More often, they were part of a workout plan that would have a bit of pedaling, maybe some rowing, and some strength training. Today, you never have to miss a bike workout thanks to indoor trainers, but despite that fact, it is important to prioritize rest and recovery. So if you can’t remember the last time you took a few days off, it might be time to unplug the trainer for a bit.
4: Your family misses you
5: if you dread the idea of getting on the trainer
You might have laughed a bit at this one, because it sounds a little dramatic. But it’s more common than you might think, especially if you’re focused on a certain mileage or volume-based training goal and are forced to use the trainer to get in those miles. Training is great, obviously, but it shouldn’t come at the cost of missing out on a great snowshoeing expedition on a weekend in order to get your three hour trainer ride done. If you’ve been missing fun outdoor family and friend activities like sledding, snowshoeing and skiing in favor of spending time on Zwift Island, it’s time to turn the TV off and come back to real life.
Finding yourself bribing, cajoling, threatening or compromising with yourself in order to get onto the trainer? If the idea of putting in time on the trainer is less and less appealing every day, that’s usually a sign that you’ve pushed yourself too hard or too far, and often, a few days away can work wonders. You know the expression, ‘Absence makes the heart grow fonder?’ That applies to trainer time! Take a few days off from riding the trainer and you will almost certainly notice that rather than dreading the walk down the basement stairs, you are actually looking forward to your next session. Focus on strength and mobility if you don’t feel like you truly need time off, but change up your stimulus! (A word of wisdom: Don’t jump back on at the first sign of missing it. Give yourself an extra day to really let that motivation grow, until you’re ecstatic to get back to your next Zwift group ride.)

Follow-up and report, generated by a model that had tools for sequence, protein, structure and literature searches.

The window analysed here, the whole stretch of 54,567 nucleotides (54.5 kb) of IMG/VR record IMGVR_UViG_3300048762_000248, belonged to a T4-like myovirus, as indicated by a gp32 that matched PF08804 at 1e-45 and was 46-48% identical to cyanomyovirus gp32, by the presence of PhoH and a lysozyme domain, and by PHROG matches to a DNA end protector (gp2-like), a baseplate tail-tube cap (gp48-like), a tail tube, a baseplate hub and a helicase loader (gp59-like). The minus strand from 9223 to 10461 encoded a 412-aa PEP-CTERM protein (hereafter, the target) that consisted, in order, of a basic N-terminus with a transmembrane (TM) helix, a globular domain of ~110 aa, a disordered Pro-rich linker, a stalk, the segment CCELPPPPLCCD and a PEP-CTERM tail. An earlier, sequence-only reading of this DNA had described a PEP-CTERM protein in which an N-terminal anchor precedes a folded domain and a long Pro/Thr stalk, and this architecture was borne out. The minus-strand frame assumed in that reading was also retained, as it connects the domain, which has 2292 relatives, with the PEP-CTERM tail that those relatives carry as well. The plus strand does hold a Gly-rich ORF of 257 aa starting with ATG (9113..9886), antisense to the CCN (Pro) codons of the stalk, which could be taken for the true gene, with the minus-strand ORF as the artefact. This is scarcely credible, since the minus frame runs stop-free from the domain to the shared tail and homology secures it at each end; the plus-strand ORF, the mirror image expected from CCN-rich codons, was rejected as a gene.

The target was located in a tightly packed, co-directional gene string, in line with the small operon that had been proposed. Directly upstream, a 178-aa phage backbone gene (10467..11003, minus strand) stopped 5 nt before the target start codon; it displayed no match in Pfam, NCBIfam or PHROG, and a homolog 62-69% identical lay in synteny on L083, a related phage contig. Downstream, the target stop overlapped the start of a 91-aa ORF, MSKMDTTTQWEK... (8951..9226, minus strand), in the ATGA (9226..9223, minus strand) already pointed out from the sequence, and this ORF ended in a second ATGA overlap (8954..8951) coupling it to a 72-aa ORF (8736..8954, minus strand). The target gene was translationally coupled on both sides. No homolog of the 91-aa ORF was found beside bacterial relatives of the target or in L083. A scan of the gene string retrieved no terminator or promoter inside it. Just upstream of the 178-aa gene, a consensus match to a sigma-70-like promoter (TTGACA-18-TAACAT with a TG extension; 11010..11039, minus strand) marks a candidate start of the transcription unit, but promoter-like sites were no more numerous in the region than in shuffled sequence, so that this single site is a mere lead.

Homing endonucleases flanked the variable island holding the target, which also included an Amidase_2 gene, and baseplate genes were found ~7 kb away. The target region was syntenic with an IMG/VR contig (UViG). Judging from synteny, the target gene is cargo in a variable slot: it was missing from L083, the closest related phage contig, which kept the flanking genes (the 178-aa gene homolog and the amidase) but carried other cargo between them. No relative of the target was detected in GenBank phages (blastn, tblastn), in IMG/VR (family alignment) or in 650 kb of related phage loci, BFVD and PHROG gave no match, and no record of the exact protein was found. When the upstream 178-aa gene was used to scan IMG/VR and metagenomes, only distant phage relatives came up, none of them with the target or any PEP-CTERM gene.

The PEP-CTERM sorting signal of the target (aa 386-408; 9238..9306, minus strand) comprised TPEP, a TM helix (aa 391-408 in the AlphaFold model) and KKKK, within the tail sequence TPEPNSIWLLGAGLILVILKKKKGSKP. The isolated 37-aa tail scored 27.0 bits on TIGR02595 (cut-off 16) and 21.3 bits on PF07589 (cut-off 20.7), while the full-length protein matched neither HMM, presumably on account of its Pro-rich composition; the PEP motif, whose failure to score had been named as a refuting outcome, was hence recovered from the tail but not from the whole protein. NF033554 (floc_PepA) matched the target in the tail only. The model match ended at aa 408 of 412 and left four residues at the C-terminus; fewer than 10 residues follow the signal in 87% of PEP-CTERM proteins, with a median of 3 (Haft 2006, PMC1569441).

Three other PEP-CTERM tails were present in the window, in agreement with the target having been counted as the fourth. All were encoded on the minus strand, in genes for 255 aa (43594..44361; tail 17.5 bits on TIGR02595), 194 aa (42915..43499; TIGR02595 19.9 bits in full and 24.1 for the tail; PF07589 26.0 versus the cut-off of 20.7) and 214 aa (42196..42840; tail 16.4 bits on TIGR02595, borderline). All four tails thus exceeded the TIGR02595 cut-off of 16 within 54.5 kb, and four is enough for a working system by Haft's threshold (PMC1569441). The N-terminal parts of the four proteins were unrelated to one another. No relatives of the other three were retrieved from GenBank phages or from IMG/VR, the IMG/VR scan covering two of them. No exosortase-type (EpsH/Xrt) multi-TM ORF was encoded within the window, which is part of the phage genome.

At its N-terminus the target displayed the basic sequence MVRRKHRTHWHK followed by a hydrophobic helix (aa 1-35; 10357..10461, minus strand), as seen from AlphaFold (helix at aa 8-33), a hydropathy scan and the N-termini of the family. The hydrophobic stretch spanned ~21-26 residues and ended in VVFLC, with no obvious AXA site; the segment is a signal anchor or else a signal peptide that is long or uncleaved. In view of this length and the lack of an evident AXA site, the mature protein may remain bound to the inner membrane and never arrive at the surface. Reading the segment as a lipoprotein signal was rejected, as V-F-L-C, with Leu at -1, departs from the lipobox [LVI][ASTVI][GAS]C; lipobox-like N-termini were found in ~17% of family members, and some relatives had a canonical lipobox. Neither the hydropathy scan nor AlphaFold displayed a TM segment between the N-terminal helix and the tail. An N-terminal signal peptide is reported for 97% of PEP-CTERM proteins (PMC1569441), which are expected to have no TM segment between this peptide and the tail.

About the rider
Molly Hurford is a journalist in love with all things cycling, running, nutrition and movement-related. When not outside, she’s writing about being outside and healthy habits of athletes and interviewing world-class athletes and scientists for The Consummate Athlete podcast and website, and most recently launched the book ‘Becoming A Consummate Athlete.‘ She’s the author of multiple books including the Shred Girls, a young adult fiction series and online community focused on getting girls excited about bikes.
Molly is a little obsessed with getting people psyched on adventure and being outside, and she regularly hosts talks and runs clinics for cyclists and teaches yoga online and IRL… And in her spare time, the former Ironman triathlete now spends time tackling long runs and rides on trails or can be found out hiking with her mini-dachshund DW and husband, cycling coach and kinesiologist Peter Glassford.